I'll tell you what the trouble is.

Clarke, deceased,
is running an hour late...

owin' to Father O'Bannion having a heart
attack halfway through the mass,

and he'll be here any minute.

Browne, deceased, was due here
a quarter of an hour ago,

and there's not a sign of the bastard.

And here's O'Brien, dead on time.

Now what?

Jesus! God alive.


Here. Thank you.

Respect the dead now. Respect the
dead. Take it easy now.

One at a time now. Good man.
Through here.

Follow the one on your right, kids.
That's your father.

Hey, Ma, wait!

Down there?

Browne's that way!

Over there.

The dirty bastard.

- What?
- The fancy woman.

He must have been keeping her,
and I never knew.

Let us pray for the soul...

of our dear departed brother...

Harold Clarke.

Oh, shite. Wrong grave.

Come on, Spartacus. Hurry up.

In the name of the Father and of
the Son and of the Holy Ghost--

Come on, Ma!

- Hey, watch me lunch there!
- Sorry!

If you're quite ready, Mrs. Browne.

In the name of the Father and of
the Son and of the Holy Ghost, amen.

Our Father who art in heaven,
hallowed be thy name--

Thy kingdom come.
Thy will be done--

Open up the door, Mark.
Please, Mark. Please, Mark.

Mark! Mark, your brother's
burstin' out here.

All right, youse, what's up with Mark?

Maybe he has worms.

Don't be so disgusting, you.

But, Mammy, people do get
worms in their poo.

Mary Dowdall told me,
and they do be miles long.

You shut up that talk. Brownes don't
get worms, and that's that.

It's his willy.

All right.

- Who's this "Willy" fellow then?
- Who?

You've got a problem, love.
Don't tell me you haven't.

- It's me willy, Ma.
- Is he a friend of yours or what?



Me willy.


I see.

Is it sore?


- Itchy?
- What? No.

Come on, Mark. Tell your mammy.

There-- There's hairs growin' on it.


Is that all?

Well, it's just the start of becoming
a man, that's all.

Sure. It happens to all boys
round your age.

So, what are they for?

It's, um,

to keep your willy warm
when you go swimming.

Now go on. Off. Don't be annoying me.

- Good morning, girls. How are you?
- How are you, Rita?

- Rita, how's it going?
- Great.

♪ Whoa, whoa, whoa, She's a lady ♪

What do you think?
It's a mirror, huh?


♪ About a little lady

♪ And the lady is fine ♪

- What?
- Nothin'. Here.

♪ She's a lady ♪

Morning, God.

It's me, Marion.

Shillin' a pound.
Last of the hard tomatoes.

Ah! Hey.

Shillin' a pound--

Shillin' a pound.
Last of the hard tomatoes.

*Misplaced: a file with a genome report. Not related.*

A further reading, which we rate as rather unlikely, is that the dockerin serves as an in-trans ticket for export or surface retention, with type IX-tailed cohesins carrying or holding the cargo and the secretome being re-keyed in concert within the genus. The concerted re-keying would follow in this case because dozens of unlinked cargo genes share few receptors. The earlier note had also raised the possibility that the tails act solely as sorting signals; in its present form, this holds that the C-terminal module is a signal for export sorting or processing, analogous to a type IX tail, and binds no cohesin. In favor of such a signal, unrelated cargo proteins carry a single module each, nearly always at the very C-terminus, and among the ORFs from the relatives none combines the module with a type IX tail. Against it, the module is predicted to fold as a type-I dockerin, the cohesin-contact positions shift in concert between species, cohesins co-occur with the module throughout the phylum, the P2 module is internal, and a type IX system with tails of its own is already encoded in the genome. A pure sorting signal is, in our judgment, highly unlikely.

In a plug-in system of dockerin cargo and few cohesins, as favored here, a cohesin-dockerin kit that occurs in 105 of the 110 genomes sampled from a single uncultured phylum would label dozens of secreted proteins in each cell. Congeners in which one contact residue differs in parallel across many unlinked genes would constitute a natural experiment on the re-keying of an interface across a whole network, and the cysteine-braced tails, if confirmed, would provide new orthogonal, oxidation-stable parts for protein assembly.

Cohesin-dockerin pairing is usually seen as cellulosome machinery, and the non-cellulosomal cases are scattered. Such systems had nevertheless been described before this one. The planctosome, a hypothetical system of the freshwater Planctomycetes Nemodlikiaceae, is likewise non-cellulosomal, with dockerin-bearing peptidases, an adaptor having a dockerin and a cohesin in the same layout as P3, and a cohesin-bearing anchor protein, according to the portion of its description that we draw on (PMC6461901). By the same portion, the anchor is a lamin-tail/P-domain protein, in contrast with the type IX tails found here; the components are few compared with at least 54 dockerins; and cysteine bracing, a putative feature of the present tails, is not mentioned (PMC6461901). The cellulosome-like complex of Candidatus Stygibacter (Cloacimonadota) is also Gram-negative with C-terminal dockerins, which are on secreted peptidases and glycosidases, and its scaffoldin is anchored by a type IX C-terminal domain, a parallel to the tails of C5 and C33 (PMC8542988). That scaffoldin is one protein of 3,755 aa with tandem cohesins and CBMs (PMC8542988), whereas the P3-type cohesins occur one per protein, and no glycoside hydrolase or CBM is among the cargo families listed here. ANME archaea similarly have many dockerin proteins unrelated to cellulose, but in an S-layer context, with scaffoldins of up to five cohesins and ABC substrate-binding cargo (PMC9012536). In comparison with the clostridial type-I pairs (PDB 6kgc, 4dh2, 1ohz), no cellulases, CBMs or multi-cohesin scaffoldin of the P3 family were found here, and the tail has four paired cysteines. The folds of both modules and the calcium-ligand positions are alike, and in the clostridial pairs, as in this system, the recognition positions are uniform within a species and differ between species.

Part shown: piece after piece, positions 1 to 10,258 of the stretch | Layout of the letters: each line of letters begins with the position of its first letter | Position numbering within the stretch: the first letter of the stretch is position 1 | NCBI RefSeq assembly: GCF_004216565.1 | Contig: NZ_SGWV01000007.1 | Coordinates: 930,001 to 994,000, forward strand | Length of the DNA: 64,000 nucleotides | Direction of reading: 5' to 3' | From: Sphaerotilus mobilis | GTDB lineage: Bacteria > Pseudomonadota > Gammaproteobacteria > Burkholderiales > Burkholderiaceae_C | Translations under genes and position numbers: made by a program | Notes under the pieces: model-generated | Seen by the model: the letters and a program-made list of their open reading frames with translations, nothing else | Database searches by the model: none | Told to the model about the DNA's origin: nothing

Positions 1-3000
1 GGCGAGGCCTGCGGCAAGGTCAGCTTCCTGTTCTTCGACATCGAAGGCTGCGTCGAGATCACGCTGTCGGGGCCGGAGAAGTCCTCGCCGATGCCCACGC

- How are you?
- Grand.

Nice bit of cabbage today.

Is that trout fresh?


It's after pinching me
on the arse twice already.

Don't mind her, love.

Feed that to your husband, and you'll
be puttin' him out with the cat tonight.

Shillin' a pound.

Last of the hard tomatoes.

- Hi, Auntie Marion.
- How are you, love?

Oh, there you are, love.

Corned beef.

Go on. Off with you. Mind yourself.

- Mammy?
- What, love?

Is Daddy gone to heaven forever?

Well, I hope so. I mean, I hope
he's gone to heaven.

But--But what, love?

Does that mean we won't be
going to the zoo this year?

Ah, no, it doesn't.
Sure, I'll take youse.

- Great, Mammy. See ya.
- Bye, love.

Bye, love.

- Take 'em where?
- To the zoo.

God love them, they could
do with a day out.

And what about yourself?

Jesus, Agnes, it's been over a month now,

and you haven't set foot outside the door.

Jesus, Marion, I'm not in the humor.

Well, get in the humor.
It's just what you need.

You, me and a good night out.

That's that then.

Saturday night, the two of us.
And we'll go mad.

Hey, Marion, shall I wear me tiara?

♪ You've any money

♪ Go up to the park and view
the zoological gardens ♪

♪ Said she to me, me loverly Jack ♪

♪ Sure, I'd love to ride
on the elephant's back ♪

♪ If you don't get outta that,
I'll give you such a smack ♪

♪ Up in the zoological gardens ♪

♪ Thunder and lightning is no lark ♪

♪ When Dublin city is in the dark ♪

♪ So if you've any money,
go up to the park ♪

♪ And view the zoological gardens ♪

♪ We went up there on our honeymoon ♪

♪ Said she to me,
if you don't come soon ♪

♪ I'll have to get in
with the hairy baboon ♪

♪ Up in the zoological gardens ♪

♪ Thunder and lightning is no lark ♪

♪ When Dublin city is in the dark ♪

♪ So if you've any money,
go up to the park ♪

♪ And view the zoological gardens ♪♪

- Thanks.
- And the next, please?

Children's allowance book, please.

Six children?

- Seven. There's another page.
- Oh, sorry.

Seven sixes--

Two pounds and two shillings.

- Thank you.
- Thanks very much.

Next, please.

Bet a pound on that each way.

- He looks like a good horse, you know.
- There you go.

Oh, thanks, love.

Is he looking for a vampire, is he?

- Your two pounds.
- That's grand, love. Hey!

The book, love.

- Morning, Mr. Burke.
- Jesus, son, you've great energy.

Oh, well, I'm only glad of the work.

Everybody in?

Put the money on the table.

Nothin' changes, eh, Micko. No.

Frankie, you know-- Redser Browne
30 years ago.

Like father, like son, huh? Hmm.

Yeah, nothin' changes here.

Thank God.

Look, spider!

- Where the hell were you?
- Mary Dowdall's.

Stay away from that one.

And where'd you get that bloody hat?

Off Mary. I like it. It's the fashion.

Fashion, my arse. Your dinner's ready.

I'm not hungry.

That one's gettin' cheeky since she
started hanging out with Mary Dowdall.

Me, me, me, me, me.

- Jesus Christ!
- Mam! Mammy!

Trevor wants an ice pop, Cathy wants
some white bread to feed the ducks,

and Dermot wants peanut--
Stop it! Stop it, the lot of youse!

And don't call me Mammy.